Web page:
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  • Chocolate — course by course

    A cooking class for chocaholics will fulfill every desire, from the start of the meal to its finish
  • Chocolate's persona typically is pure comfort. When paired with pasta, cheese or bacon, maybe not so much.
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    • If you go
      What: "Chocolate Obsession II," a couples' cooking class with chef Sandy Dowling featuring chocolate in sweet and savory courses; cost is $100 per couple and includes wine and a full dinner.
      Wh...
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      If you go
      What: "Chocolate Obsession II," a couples' cooking class with chef Sandy Dowling featuring chocolate in sweet and savory courses; cost is $100 per couple and includes wine and a full dinner.

      When: 6:30 p.m. Tuesday, Feb. 19.

      Where: The Willows Cooking School, 3347 Old Stage Road, Central Point.

      For information and to register: See www.cookatthewillows.com or call 541-665-3020.
  • Chocolate's persona typically is pure comfort. When paired with pasta, cheese or bacon, maybe not so much.
    "You just can't believe that this would be good," says chef and cooking instructor Sandy Dowling. "You can really get outside your comfort zone."
    Dowling challenges diners to enjoy an entire meal infused with chocolate every year at her Willows Cooking School in Central Point. The concept of savory and sweet courses incorporating chocolate will be repeated March 1 at the ninth annual Oregon Chocolate Festival in Ashland. Home cooks can create their own chocolate entrees for Valentine's Day — or anytime — by starting with obvious complements: chilies, coffee and sea salt.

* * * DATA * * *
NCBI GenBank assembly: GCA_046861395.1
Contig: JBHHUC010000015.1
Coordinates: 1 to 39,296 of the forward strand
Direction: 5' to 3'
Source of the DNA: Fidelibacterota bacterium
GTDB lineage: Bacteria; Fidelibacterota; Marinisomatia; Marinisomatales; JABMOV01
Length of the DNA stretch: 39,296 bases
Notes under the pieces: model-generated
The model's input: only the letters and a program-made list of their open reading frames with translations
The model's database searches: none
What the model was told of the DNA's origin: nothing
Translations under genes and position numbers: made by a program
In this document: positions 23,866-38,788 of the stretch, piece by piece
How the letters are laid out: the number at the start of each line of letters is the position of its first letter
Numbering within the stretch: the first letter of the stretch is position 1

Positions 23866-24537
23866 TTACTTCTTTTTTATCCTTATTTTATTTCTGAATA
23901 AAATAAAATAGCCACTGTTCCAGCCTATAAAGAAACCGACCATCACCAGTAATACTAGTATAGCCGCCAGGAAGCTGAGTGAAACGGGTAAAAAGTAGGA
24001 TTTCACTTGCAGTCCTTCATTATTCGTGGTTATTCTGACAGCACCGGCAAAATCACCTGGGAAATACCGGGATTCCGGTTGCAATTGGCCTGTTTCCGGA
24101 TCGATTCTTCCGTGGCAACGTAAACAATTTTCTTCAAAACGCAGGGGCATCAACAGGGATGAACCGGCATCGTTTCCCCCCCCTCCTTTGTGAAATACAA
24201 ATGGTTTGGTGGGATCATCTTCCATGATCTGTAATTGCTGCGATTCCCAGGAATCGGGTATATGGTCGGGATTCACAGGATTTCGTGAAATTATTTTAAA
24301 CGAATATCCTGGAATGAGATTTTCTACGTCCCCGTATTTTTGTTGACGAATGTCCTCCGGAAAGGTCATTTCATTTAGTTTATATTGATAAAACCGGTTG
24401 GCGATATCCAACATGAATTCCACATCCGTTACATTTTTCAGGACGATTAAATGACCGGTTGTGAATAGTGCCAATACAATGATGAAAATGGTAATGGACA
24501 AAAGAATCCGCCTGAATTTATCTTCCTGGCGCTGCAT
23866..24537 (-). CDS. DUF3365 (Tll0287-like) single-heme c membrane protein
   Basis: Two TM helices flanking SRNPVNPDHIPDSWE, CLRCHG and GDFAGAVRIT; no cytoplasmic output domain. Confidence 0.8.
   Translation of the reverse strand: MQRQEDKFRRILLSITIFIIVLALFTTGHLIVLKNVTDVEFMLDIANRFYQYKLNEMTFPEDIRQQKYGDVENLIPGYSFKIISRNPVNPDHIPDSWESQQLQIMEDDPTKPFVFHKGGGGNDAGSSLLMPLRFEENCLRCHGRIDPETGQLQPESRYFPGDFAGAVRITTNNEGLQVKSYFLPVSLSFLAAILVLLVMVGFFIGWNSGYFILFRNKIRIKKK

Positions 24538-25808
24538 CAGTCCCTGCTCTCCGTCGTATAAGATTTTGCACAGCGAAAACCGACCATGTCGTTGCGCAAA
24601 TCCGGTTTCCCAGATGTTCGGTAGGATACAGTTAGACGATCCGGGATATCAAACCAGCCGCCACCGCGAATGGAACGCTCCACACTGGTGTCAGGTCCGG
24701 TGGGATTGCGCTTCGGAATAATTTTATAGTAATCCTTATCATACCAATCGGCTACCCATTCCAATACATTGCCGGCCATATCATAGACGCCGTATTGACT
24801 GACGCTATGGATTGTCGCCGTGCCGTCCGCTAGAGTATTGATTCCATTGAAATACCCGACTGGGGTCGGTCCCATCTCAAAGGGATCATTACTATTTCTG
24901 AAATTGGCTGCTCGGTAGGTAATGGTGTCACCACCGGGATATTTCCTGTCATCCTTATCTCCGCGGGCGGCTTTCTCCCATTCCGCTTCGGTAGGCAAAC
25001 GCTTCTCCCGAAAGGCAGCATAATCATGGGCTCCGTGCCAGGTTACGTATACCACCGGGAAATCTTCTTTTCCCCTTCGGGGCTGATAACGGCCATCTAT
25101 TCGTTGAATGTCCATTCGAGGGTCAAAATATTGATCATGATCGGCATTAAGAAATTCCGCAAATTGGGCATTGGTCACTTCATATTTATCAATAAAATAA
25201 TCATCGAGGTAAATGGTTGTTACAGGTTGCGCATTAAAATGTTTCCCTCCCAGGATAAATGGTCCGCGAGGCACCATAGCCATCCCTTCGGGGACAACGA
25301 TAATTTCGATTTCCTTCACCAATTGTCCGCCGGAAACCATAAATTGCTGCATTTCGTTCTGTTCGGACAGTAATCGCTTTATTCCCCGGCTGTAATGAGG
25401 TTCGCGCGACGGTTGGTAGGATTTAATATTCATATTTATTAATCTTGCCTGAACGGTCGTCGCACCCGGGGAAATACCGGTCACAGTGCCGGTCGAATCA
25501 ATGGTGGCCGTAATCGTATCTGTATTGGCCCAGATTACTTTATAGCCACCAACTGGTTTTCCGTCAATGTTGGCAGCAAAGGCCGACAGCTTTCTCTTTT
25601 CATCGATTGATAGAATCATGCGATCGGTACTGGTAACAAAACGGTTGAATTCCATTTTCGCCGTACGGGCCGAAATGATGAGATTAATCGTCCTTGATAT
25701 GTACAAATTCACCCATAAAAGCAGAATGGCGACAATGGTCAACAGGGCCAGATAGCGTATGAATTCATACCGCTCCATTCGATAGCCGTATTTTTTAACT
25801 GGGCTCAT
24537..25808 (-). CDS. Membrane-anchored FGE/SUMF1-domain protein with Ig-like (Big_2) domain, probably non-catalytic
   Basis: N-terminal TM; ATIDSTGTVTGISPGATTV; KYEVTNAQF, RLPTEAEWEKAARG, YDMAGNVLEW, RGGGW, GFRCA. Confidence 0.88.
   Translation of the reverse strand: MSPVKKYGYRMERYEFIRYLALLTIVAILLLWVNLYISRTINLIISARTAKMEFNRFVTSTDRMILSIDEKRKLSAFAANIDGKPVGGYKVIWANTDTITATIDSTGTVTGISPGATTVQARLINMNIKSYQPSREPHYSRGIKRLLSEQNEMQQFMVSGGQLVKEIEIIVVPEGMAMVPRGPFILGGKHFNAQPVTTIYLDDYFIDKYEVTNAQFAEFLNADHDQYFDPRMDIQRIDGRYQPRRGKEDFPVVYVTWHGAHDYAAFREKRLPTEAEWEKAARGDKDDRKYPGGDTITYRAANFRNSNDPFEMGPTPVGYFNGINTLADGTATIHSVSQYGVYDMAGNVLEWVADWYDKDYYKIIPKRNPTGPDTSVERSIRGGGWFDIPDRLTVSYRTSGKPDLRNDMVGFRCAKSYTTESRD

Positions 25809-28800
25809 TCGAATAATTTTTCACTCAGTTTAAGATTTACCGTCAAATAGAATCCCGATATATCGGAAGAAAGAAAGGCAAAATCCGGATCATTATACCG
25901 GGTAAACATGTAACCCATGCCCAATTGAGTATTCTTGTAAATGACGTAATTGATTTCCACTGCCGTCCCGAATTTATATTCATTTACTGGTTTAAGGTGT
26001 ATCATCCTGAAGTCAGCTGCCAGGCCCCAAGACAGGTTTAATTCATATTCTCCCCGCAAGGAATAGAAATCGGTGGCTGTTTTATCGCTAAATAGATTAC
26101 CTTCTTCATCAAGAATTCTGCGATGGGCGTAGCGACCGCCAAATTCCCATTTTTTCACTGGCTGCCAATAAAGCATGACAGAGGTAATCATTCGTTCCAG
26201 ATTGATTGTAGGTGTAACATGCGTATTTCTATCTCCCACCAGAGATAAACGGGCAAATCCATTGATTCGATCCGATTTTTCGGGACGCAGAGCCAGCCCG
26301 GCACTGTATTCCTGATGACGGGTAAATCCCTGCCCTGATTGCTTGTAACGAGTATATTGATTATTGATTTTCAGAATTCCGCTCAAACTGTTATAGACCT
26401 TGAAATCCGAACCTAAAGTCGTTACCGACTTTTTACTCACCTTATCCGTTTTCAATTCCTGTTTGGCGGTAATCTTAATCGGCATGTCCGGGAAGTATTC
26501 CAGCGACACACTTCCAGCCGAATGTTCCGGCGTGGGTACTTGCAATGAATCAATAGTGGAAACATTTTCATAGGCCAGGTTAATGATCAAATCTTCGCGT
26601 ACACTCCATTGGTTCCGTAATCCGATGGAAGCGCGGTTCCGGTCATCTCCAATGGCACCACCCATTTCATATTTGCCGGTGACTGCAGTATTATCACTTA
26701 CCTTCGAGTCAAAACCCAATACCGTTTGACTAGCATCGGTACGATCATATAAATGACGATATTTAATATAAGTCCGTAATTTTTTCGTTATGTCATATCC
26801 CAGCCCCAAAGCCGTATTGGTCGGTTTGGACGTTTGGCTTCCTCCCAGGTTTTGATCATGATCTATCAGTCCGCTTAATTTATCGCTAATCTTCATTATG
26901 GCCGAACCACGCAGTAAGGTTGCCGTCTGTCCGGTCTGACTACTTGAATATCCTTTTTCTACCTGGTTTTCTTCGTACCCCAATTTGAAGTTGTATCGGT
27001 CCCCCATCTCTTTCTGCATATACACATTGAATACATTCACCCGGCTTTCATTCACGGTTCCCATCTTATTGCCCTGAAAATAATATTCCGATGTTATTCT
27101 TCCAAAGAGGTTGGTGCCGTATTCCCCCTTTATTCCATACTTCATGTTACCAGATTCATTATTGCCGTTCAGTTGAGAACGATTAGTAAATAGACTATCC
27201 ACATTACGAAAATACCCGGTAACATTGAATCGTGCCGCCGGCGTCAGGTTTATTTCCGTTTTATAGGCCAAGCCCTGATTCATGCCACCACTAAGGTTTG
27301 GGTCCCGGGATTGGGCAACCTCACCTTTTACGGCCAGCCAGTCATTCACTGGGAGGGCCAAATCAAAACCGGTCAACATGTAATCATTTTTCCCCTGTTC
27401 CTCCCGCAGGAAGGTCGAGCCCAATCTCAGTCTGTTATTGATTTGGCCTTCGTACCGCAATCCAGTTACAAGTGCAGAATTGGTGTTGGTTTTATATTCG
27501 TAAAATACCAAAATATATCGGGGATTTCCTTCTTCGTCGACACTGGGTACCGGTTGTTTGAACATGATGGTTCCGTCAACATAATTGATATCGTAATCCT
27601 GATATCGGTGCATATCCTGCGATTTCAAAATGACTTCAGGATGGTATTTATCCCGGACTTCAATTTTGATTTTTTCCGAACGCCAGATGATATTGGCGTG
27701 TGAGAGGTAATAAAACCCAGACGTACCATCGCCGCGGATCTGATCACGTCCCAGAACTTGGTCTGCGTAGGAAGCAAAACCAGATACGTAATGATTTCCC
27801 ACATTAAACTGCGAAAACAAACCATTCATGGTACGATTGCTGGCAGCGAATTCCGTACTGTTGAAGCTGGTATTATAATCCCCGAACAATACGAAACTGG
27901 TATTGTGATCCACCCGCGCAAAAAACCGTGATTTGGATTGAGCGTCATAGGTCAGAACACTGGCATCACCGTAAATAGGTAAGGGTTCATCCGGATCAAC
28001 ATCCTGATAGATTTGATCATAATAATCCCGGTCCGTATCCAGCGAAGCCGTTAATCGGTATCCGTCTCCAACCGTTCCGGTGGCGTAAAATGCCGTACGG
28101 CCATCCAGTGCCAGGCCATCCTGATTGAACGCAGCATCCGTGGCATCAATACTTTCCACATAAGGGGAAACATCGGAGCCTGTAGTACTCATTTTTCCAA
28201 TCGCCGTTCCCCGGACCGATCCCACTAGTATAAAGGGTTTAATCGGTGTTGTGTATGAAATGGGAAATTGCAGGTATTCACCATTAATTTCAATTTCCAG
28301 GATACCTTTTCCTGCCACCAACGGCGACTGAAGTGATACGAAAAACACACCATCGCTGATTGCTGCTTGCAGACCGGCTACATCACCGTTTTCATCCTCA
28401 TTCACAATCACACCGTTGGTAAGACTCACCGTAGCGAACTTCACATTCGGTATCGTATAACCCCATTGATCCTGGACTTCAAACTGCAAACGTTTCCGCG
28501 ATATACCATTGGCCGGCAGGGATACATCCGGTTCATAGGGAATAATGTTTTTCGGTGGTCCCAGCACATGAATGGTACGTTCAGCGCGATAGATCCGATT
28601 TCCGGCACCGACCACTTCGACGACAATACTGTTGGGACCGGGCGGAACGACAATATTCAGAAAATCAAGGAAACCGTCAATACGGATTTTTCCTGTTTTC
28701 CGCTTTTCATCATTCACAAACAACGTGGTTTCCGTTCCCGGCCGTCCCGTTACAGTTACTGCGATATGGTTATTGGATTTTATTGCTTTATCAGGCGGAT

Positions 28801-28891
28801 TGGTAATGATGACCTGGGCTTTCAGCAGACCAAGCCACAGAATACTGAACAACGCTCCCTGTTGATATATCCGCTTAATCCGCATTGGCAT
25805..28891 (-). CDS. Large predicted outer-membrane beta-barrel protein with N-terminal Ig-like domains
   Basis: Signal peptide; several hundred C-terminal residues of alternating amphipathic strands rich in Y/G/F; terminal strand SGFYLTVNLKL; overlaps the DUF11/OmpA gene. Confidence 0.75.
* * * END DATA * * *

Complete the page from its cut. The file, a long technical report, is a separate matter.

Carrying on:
"You can do so many things with it," says Dowling. "If I say chocolate to you, do you think of caramel, do you think of raisins, do you think of nuts?"
    Chocolate-covered fruits are an obvious garnish on a salad dressed with chocolatey vinaigrette, says Dowling. Just be sure to use a very mild-flavored lettuce, such as butterhead, skipping bitter greens, she says. Oranges, in particular, are ideal salad-course fodder for chocolate, she adds.
    "Chocolate and orange are always so magical together."
    While sweet potatoes and winter squash handily carry off chocolate, very few vegetables can, says Dowling. But zucchini surprisingly does, she says. Beets, fennel and asparagus are featured on the Chocolate Makers' Dinner menu, crafted by Larks restaurant chef Damon Jones for the chocolate festival.
    Appetizers also can be "tricky" to prepare with chocolate, says Dowling. For the first course of her Feb. 19 class, the chef plans to bake a chocolate-chipotle cookie wafer-thin, sprinkle it with sea salt, then top it with a bit of cheese, maybe Rogue Creamery's chocolate-stout or lavender cheddar.
    "You would not believe how good that tastes," says Dowling. "There's an explosion in your mouth."
    Spice, for good reason, is one of chocolate's best friends. Traditional Mexican recipes, notably molé, are ideal vehicles for unsweetened chocolate, which ancient Aztecs considered not only aphrodisiac but medicinal.
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